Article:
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If interaction design does not yet ring a bell, quickly read this article. If only to know what will free us from continuously tapping our smart phones.

In the end of February, about 1200 techies, ethnologists, designers, graphic artists, start-up entrepreneurs, and robotics specialists gathered to meet at the Finlandia Hall in Helsinki. The reason for this was Interaction Design Association i.e. IxDA’s Interaction16conference.

The spectrum of the participating fields says a lot about the topic: interaction design is making digital services more fit for their users, that is, people. For a design to work, the designer must understand the laws and opportunities of technology but also who we are as people and how we behave.

The focus of design has changed. It is swaying towards service and interaction design. Today’s design professionals are needed to plan digital services, robots, and IoT, for example.

A multidisciplinary team coordinated Britain’s official websites and made it easier for citizens to transact digitally. This project won the Future Voice category of the Interaction Awards.

Challenges are nothing new. Interaction design must consider usability, intuition, and esthetics. And ethics. A theme that was brought up many times at the Finlandia Hall.

“There are many political decisions involved in design. Ethics has dominated the discussions for some years, as self-driving cars, robots, and all things technical develop,” says one of the organisers of Interaction16, Nordkapp’s creative director Sami Niemelä.

Male, female, other – what?

When you design a chair, you must consider the material and ergonomics. When you create a user interface or digital services, you must consider what options are given to the user.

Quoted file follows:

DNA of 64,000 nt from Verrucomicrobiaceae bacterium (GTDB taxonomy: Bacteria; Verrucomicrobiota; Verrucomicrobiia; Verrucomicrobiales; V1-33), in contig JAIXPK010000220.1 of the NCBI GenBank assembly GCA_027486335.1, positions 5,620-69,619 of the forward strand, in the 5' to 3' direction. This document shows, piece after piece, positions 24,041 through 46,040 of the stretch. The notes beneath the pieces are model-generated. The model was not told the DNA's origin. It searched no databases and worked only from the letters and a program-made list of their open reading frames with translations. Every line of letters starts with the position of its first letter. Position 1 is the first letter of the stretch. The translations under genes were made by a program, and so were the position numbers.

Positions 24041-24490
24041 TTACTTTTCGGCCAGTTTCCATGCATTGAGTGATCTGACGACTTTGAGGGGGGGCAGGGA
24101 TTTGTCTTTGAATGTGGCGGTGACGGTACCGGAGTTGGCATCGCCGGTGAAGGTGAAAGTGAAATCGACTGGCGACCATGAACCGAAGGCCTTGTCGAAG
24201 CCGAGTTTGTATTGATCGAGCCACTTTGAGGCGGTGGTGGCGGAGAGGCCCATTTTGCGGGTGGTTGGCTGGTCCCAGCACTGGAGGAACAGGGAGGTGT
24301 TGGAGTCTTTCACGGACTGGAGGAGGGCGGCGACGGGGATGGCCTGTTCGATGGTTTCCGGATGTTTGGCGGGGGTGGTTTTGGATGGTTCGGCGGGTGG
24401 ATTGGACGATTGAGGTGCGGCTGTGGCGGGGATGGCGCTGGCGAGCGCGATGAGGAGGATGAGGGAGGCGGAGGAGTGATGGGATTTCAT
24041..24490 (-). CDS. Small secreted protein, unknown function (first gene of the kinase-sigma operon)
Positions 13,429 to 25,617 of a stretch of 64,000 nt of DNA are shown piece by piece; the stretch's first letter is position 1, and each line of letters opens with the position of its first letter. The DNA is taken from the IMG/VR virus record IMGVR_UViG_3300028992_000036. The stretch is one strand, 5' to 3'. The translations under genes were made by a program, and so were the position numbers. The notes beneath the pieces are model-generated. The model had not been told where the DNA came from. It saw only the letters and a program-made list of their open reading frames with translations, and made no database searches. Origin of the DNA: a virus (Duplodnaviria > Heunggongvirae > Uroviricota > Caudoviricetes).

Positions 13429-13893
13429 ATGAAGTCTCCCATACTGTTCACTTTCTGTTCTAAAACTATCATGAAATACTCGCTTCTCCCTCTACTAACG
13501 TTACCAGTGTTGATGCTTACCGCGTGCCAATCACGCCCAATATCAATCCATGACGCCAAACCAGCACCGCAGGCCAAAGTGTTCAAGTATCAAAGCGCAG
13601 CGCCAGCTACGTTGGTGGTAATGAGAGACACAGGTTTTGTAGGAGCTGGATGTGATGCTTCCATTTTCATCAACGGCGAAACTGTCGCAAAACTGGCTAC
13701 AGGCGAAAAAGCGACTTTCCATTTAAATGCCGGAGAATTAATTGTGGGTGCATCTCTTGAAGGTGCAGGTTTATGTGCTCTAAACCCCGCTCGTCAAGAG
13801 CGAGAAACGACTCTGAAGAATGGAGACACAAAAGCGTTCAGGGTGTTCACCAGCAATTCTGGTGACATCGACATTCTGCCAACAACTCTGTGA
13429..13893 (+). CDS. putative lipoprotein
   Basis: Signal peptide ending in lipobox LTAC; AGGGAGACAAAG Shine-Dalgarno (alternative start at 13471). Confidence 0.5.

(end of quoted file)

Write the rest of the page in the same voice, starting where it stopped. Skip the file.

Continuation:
For example, there are 71 options to choose for your sexual identity and orientation on Facebook. To define them, Facebook cooperated with the users representing various minorities.

The easiest way to go would be to offer just three options: male, female, and other, and then the ask to specify, or not to ask about sex at all.

Technology provides opportunities to make people move; with the help of a map application for those who can see or those who cannot.
New services generate difficult questions. Are in-app purchases allowed when using a sex robot? Is it alright to only continue pleasure by paying more? Is it alright to offer a premium and a sponsored version of an education app for kids? Who is responsible if a self-driving car crashes – the user or the manufacturer?
The future is soft

Science fiction has played a major role in interaction design. This year many companies are launching earphones that we’ve seen in the movie Her – the ones that recognize a whisper and free us from tapping our smart phone. Science fiction is typically dystopic and may remind us of a not-so-serene future.

The visions presented in Interaction16 were much softer.

“Optimism is part of the basic nature of a designer. Our task is to make the future into something positive,” says Niemelä.

If it was up to the designers, new design would be made for the people.

Wireless earphones are said to be the Next Big Thing. There are many smaller firms competing for the market with Sony and Apple.

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